Bush = Maserati; Gore = Ford Taurus

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From NY Times, Oct 8, 2000. (partial article). I wonder who would be a Humvee?

Among Men, It's Bush the Maserati by a Mile


LOS ANGELES, Oct. 7  When Gov. Gray Davis's political advisers want to take Californians' temperatures on the presidential race in voter focus groups, they ask a question that might sound goofy: if Al Gore and George W. Bush were cars, what would they be?

"Among men, Gore is viewed as a Ford Taurus, a Chevy station wagon, a Volvo, safe and kind of boxy," said Garry South, the chief political aide for Mr. Davis, a Democrat. "With Bush, you get things like Maserati and Mustang convertible, and by no means all of the men who say that are doing it pejoratively. They're saying: `Wait a minute; that guy's like who I'd like to be.' "

-- Lars (lars@indy.net), October 07, 2000



Gore: There are no Chevy station wagons. Volvo and Taurus are ok. Just rented a new Taurus and it worked really well.

Bush: I would say a Pontiac T1000 or a Yugo. Nothing works and you know it is going to break. You grit your teeth waiting. :^)

As I see it.

Best wishes,,,,


-- Z1X4Y7 (Z1X4Y7@aol.com), October 07, 2000.

LOL - who did they ask, assholes?

Bush is more like a Jaguar... pretentious, costly, inefficient, doesn't run worth shit, and the best way to fix him is to send him out of the country.

-- (bush@jack.ass), October 07, 2000.


Funny thing is that after Ford bought Jag they replaced all of the defective parts with stuff from the Taurus. That is why they no longer break into blazes, without warning. LOL

Of course the other named brands are also Ford. More LOL.

Best wishes,,,,


-- Z1X4Y7 (Z1X4Y7@aol.com), October 07, 2000.

Bush is like one of my trucks, a Toyota 4x4 that has never failed me yet. On the otherhand, Gore is exactly like my Ford 4x4 Ranger, it stutters around 45 mph, it over heats when the air conditioner is on, I've had to replace the radiator, transmission, and several other parts that should not have worn out so fast. I ready to unload this lemon.

-- george w 4 me (geow4meee@geowwwww.vcom), October 07, 2000.

Bush is like one of those peddle-cars that only rich kids get from their parents. Gore is like one of those cars witht their wires crossed that signal right when you put on the left turn signal.

-- Brian McLaughlin (brianm@ims.com), October 07, 2000.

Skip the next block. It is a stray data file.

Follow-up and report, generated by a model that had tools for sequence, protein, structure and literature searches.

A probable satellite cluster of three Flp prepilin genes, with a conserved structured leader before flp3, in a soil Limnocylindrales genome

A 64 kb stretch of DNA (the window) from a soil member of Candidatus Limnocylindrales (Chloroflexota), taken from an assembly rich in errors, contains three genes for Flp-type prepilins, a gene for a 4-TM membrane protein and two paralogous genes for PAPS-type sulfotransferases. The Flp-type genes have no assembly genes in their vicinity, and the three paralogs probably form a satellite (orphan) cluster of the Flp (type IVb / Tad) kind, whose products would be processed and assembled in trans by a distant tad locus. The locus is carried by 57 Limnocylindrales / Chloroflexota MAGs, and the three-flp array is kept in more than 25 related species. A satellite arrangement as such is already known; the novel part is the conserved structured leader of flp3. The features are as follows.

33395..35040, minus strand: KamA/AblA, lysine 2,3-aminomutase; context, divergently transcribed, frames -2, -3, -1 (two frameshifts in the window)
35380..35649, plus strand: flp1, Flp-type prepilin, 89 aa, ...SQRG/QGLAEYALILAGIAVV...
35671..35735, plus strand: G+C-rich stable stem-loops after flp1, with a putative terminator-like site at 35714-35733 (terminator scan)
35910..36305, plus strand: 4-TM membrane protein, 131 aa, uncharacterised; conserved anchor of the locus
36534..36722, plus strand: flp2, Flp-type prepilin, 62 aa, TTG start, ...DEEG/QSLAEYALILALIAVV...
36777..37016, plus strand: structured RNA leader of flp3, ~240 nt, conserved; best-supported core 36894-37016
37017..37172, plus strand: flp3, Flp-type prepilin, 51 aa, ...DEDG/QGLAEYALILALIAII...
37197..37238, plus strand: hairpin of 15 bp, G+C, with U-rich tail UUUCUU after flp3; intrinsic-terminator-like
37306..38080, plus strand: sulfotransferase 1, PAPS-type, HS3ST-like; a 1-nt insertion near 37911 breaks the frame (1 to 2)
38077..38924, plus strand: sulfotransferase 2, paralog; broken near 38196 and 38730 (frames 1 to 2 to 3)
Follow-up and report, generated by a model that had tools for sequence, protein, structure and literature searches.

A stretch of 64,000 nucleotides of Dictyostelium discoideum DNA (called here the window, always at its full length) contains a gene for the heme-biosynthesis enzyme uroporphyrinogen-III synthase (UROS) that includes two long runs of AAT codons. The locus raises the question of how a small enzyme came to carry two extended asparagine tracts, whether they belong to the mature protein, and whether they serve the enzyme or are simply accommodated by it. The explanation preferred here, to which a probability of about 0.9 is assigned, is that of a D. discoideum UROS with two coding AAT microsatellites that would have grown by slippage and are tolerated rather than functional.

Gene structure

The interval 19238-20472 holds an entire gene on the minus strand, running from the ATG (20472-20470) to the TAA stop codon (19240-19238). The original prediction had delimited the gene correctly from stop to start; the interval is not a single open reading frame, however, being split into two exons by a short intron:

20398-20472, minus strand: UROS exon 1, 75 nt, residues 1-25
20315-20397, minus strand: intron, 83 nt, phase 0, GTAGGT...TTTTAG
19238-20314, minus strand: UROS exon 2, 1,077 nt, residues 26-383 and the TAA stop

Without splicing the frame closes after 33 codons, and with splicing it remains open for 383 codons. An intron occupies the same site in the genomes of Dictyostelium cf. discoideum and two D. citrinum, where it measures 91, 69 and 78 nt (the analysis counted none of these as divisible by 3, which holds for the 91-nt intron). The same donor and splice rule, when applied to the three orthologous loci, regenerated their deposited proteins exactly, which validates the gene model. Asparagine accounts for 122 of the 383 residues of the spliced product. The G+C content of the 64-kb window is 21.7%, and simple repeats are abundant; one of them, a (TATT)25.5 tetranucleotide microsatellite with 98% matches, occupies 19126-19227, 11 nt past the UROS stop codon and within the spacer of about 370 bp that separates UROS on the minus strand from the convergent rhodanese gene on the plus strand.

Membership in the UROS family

"They're saying: `Wait a minute; that guy's like who I'd like to be.' "

Give me a break! Is this guy serious? Who in their right mind would want to be a fucked-in-the-head immature alcoholic snot, weaned into wealth because greedy oil tycoons wanted to take advantage of his father's political power?

Who is this Todd Purdum anyway? Either he has a really lame sense of humor or there is some advantage for him to be gained by kissing Bush's ass.

-- (is.this@for.real?), October 07, 2000.

I read this on Drudge the other day: "Little Al Gore's black nanny had to sit outside a restaurant while the Gore family enjoyed a fine meal. Black's weren't allowed to eat in restaurants with white folks. Little Al would often take a sandwich out to the car for nanny, while she waited." Hmmmm, I wonder if the car was a cadillac?

-- roller blader (rollerblader@rollinrollinrollin.com), October 07, 2000.

WASHINGTON, Oct. 7  Vice President Al Gore, responding to intensifying Republican attacks on his credibility, said today that he did not have a problem with embellishment that should cause concern about his character, and he accused Gov. George W. Bush of waging personal attacks rather than focusing on issues.

In a 30-minute conference call with reporters, which was intended to highlight education issues that he will emphasize next week, Mr. Gore took several questions about what Republicans are portraying as a pattern of exaggeration about often incidental matters.

On Friday, Mr. Bush's running mate, Dick Cheney, said Mr. Gore "seems to have a compulsion to embellish," and Republican strategists have made it clear that they will continue to press the issue.

Mr. Gore acknowledged today that he has made occasional factual mistakes, as when he said in Tuesday's debate that he had accompanied James Lee Witt, the director of the Federal Emergency Management Agency, to inspect fire and flooding damage in Texas in 1998. Mr. Gore did visit Texas, but with one of Mr. Witt's deputies, not with Mr. Witt. Mr. Gore has said that he made the mistake because he has frequently made trips of that sort with Mr. Witt.

In response to questions, Mr. Gore said that he did not have a tendency to embellish his risumi and that his misstatements did not point to a deeper character flaw. He then tried to turn the tables, asserting that he does not make personal attacks against Mr. Bush when the governor misstates the facts. He went on to describe two such comments.

Mr. Gore said it "could be characterized as an exaggeration" when Mr. Bush said in the debate that the Gore campaign was outspending the Bush campaign.

"But," Mr. Gore said, "I didn't seize on that as anything other than a mistake that he made. When he said that there were 20,000 new bureaucrats called for in my budget plan, similarly I don't describe that as fictitious or an exaggeration. It's just a mistake on his part."